Friday, July 8, 2011

Doom Generation

A somewhat fictional biography told in five parts (not chronologically) of perhaps the most influence computer game programmer of the last 20 years, John Carmack.  He grew up in Overland Park and went to college at the same place I did.

Everything here was taken from actual events that I was not at, and I took a lot of care to walk a fine line between fiction and non-fiction.  Although a lot of these quotes are real, I limited my research on purpose because I didn't want the facts to get in the way of a fun read.  I've never actually met John Carmack, so my apologies if he comes off a little like Patrick Bateman ala "American Psycho."

Los Angeles, 1994

Ponytails on fat men, 20-year olds dressed as elves, Archers, Argonauts, insider men from Intel wearing tie-less suits with the top two buttons far away from the buttonhole, and flannelled hackers that snuck past the guards. They all hold plates of finger food and have “Hello” squares clipped onto neck-dangling lanyards resting on their bellies.  They scream toward the stage saturated with cellophane-covered lights.  The podium where HE will set the few papers with his speech is surrounded by fog.  These pony-tailed men sent to Los Angeles for work – ha! – start a feverish bounce up and down to the cardiac techno.

Oh, and the booth babes.  The ones hired for their suburban Rotterdam accents to wear bikinis and sex these virginal men up for hours – well they don’t care, even if this place is louder than the Spearmint Rhino on a Saturday.  The girls just heave their tops forward – with id Software printed on that skimpy top – and sashay through hooting crowds of yellow-teethed men with plates of cocktail wieners.  One booth babe – god bless her soul – tries to talk to a stringy man with an awkward hotel-shampoo part in his hair, but he just points up to the podium and starts doing some sort sideways pogo hop.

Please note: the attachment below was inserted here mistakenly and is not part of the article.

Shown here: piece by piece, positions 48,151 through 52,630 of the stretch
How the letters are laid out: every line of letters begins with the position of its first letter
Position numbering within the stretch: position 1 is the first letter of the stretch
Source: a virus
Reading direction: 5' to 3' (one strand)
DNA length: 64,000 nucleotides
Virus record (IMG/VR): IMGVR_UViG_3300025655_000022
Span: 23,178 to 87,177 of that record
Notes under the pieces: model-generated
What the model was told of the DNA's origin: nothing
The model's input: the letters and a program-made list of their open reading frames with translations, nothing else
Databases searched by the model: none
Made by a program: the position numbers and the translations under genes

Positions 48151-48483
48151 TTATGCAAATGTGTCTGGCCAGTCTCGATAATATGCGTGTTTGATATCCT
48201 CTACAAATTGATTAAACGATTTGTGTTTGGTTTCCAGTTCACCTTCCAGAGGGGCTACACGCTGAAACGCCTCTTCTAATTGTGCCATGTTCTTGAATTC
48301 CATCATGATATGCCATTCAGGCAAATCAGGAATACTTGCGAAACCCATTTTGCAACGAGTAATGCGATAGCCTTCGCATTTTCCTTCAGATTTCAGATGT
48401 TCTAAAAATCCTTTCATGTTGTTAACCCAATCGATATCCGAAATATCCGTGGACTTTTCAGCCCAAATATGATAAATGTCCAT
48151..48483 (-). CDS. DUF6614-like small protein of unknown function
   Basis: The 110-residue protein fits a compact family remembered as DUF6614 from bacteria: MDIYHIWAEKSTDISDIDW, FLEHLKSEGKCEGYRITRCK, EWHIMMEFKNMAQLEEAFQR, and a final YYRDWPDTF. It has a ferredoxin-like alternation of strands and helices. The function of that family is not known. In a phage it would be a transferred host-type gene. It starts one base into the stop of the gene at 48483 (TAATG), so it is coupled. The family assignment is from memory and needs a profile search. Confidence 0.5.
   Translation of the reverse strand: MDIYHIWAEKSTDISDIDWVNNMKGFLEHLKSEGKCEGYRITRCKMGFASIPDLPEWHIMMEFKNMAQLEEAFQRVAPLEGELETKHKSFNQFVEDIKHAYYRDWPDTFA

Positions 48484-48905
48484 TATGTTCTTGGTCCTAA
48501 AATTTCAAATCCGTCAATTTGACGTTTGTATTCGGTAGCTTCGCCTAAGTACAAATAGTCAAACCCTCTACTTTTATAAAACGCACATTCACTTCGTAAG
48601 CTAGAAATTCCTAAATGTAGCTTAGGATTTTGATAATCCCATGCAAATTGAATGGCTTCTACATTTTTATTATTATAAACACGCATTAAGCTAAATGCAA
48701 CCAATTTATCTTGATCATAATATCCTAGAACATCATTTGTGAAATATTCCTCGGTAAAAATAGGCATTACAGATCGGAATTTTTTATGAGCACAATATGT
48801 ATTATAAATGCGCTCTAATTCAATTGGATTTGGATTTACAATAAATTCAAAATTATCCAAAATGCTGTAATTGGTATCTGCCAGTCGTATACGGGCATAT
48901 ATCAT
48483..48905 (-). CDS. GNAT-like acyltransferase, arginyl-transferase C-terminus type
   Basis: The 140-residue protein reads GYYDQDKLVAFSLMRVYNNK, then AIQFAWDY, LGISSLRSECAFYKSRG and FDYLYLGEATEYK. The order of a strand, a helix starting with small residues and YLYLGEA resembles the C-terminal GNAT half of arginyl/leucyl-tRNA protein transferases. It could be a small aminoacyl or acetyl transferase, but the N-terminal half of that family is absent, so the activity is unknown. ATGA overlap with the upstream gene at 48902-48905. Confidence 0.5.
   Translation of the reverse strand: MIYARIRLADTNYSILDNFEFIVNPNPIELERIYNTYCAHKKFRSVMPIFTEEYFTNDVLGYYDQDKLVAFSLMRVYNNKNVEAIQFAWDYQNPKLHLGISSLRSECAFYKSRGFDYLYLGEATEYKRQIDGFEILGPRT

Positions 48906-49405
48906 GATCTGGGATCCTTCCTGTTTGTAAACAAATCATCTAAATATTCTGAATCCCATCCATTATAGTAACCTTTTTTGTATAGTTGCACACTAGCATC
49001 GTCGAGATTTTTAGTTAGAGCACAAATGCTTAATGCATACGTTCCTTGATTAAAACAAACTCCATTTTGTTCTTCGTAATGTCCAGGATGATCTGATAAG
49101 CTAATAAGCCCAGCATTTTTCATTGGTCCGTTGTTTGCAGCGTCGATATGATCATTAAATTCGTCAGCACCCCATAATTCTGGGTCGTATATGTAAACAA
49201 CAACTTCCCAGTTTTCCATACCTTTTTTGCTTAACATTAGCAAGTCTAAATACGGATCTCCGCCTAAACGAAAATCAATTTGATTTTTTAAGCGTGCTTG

The stage lights go out.

“He gave a speech once at Microsoft,” some guy says to another.

“Heard Gates said he could still write cleaner source code then him."

They both laugh and the spot light comes on.

Through the stage-right portico, John Carmack emerges.  The lead-programmer of DOOM and DOOM 2.  Sure he designed the game engine for WolfensteinThe Wolfenstein, The original first-person shooter.  But c’mon, that was just killing Nazi’s with machine guns, not Doom with a space-marine trekking through a Martian portal that leads to Hell and those spike-shouldered demons that need to be splattered with plasma rifles, chainsaws, and rocket launchers.  Oh, and the BFG 9000.  The Big Fucking Gun 9000 – or if your mom asks, the Bio- Force Gun …or whatever.  Damn that gun can shoot.  PC Gamer’s number-one video game weapon of all time.  One-hundred and eighty damage per round! 

There he is walking across the stage with the same dumb part in his hair as everyone else.  And there’s a lanyard swinging over that tucked-in cotton button-up.  He’s got a lanyard too!  But there’s no name tag attached . . . of course!  Everybody knows Big Fucking Carmack! 

Sweet Martian marine base!  Who wouldn’t give their Freon-cooled IBM with an over-clocked Intel 486DX4 just to strut like that across the Los Angeles Convention Center stage?  Well, those booth babes, but even they are looking up from their fingernails to this skinny man who has brought this crowd to a middle-class riot. 

The audience’s mouths, already slackened from hours of having cheese-cubes fisted into them, somehow gape even further.  The mass quiets in reverence, and Carmack clears his throat in the podium’s microphone.

God these are the times!

Shawnee Mission, Ks., 1984

John Carmack stares across to the tweed-suited psychiatrist tapping his pen against a notebook. 

“My parents can’t afford to buy a computer,” Carmack says.

“Had you not been caught, would you consider doing it again?” the psychiatrist says.

“My parents can’t afford to by a computer,” Carmack says.  “Probably.”

“Why do you want a computer, you’re only 14?”

“I’m smarter than everyone at school, classmates, teachers, everyone.  I just want to program all day, not be in woodshop.”